Haverhill Adopts Mandatory COVID-19 Vaccination Policy for City Workers, Begins Jan. 23

Haverhill City Hall. (WHAV News file photograph.)

About 450 City of Haverhill employees have less than two weeks to be fully vaccinated against COVID-19, face mandatory weekly testing or be subject to disciplinary action for doing neither.

For those already fully vaccinated and those who come into compliance with the new city rule by March 4 will receive an incentive of $500 from federal American Rescue Plan Act money. Mayor James J. Fiorentini said the recent spike in virus cases forced him to act now.

“We’ve been talking to the unions in the impact bargaining for some number of months. When I saw the numbers skyrocketing with the omicron variant, that we absolutely had to do something. We’re going to go ahead and implement this policy. Some of the unions have agreed, some have questions and some, at this point, are not agreeing,” he told WHAV Monday.

The deadline for employees—including full- and part-time, union and non-union and several seasonal and temporary employees—is Sunday, Jan. 23. School workers are covered under a separate agreement. For those who opt for weekly testing, free testing is available from the city. Fiorentini explained 11 unions are in agreement, three are still in discussions and the status of one union is unknown.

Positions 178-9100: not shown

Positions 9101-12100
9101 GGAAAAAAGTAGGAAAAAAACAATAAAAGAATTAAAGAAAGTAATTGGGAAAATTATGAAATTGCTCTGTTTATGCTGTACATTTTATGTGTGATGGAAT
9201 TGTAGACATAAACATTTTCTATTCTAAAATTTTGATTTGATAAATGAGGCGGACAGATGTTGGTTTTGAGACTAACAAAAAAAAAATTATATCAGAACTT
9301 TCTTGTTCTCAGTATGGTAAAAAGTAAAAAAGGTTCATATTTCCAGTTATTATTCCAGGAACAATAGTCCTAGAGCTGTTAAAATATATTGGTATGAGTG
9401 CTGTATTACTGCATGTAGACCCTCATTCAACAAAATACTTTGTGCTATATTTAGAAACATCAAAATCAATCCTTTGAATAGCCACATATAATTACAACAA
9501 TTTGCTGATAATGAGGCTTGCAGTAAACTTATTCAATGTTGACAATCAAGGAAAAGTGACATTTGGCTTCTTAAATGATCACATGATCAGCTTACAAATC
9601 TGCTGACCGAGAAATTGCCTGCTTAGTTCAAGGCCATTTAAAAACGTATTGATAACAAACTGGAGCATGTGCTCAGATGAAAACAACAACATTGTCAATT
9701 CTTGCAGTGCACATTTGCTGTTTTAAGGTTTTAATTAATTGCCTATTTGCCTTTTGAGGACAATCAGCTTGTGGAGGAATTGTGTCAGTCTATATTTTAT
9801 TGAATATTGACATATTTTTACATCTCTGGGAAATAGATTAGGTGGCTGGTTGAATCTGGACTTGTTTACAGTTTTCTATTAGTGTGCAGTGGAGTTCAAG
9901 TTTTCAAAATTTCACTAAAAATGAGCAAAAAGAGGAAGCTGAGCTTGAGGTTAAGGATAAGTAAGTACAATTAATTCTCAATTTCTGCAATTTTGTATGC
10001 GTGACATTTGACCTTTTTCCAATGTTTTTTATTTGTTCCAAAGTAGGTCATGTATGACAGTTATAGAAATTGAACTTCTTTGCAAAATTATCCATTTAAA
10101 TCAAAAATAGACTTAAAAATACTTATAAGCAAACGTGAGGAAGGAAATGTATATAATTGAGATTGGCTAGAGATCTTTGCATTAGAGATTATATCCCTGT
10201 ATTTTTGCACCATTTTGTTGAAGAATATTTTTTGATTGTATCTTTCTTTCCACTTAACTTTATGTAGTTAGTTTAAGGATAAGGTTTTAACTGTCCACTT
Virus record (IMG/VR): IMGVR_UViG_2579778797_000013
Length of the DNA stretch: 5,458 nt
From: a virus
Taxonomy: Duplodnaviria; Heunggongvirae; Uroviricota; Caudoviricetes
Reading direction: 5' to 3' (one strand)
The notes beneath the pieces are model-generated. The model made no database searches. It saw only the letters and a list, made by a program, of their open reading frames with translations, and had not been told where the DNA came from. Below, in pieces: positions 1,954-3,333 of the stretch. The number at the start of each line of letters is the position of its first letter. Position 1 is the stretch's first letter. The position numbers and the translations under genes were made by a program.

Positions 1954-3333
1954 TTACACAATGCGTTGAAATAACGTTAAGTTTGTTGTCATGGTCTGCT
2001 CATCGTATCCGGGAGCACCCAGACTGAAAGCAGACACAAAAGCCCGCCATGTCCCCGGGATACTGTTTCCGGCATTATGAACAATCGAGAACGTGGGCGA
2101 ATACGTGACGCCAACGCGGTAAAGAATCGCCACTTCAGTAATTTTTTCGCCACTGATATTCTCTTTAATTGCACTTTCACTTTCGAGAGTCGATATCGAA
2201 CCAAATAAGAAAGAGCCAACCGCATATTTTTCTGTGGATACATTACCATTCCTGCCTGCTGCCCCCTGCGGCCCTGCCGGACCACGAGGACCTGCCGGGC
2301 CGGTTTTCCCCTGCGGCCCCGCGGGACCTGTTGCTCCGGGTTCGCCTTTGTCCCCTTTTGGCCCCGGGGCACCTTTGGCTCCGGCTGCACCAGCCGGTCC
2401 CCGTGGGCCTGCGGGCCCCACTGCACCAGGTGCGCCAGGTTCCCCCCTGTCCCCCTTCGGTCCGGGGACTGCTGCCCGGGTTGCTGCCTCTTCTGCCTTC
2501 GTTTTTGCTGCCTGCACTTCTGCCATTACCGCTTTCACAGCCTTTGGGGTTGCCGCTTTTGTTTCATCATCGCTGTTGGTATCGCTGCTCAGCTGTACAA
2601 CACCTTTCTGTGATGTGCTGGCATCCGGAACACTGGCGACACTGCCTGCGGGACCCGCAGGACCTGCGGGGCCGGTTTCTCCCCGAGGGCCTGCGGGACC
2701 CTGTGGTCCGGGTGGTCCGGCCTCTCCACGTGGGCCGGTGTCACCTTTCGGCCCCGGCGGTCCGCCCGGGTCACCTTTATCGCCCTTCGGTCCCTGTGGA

City workers, except elected officials, are required to notify supervisors of any positive test results or close contact with others who test positive must stay out of work and may be required to show negative test results before returning. The mayor called this his “carrot and stick” approach.

“It’s a carrot in terms that you get $500 one-time stipend and it is also, frankly, a stick. It’s a big inconvenience to have to go an get tested every single week,” he said.

Besides spiking case counts, the mayor said there are two other reasons for pushing the policy now.

“We’ve absolutely had difficulty staffing departments. It’s been a struggle and we need to do everything possible—A) to protect our employees. I have had employees come to me who said ‘Look, mayor, everybody in our department is vaccinated except one person, and we can’t have this,’ and we have to protect the public,” he said.

The city’s Human Resources Department will consider, on a case-by-case basis, objections for medical reasons or “sincerely held religious beliefs,” according to the policy.

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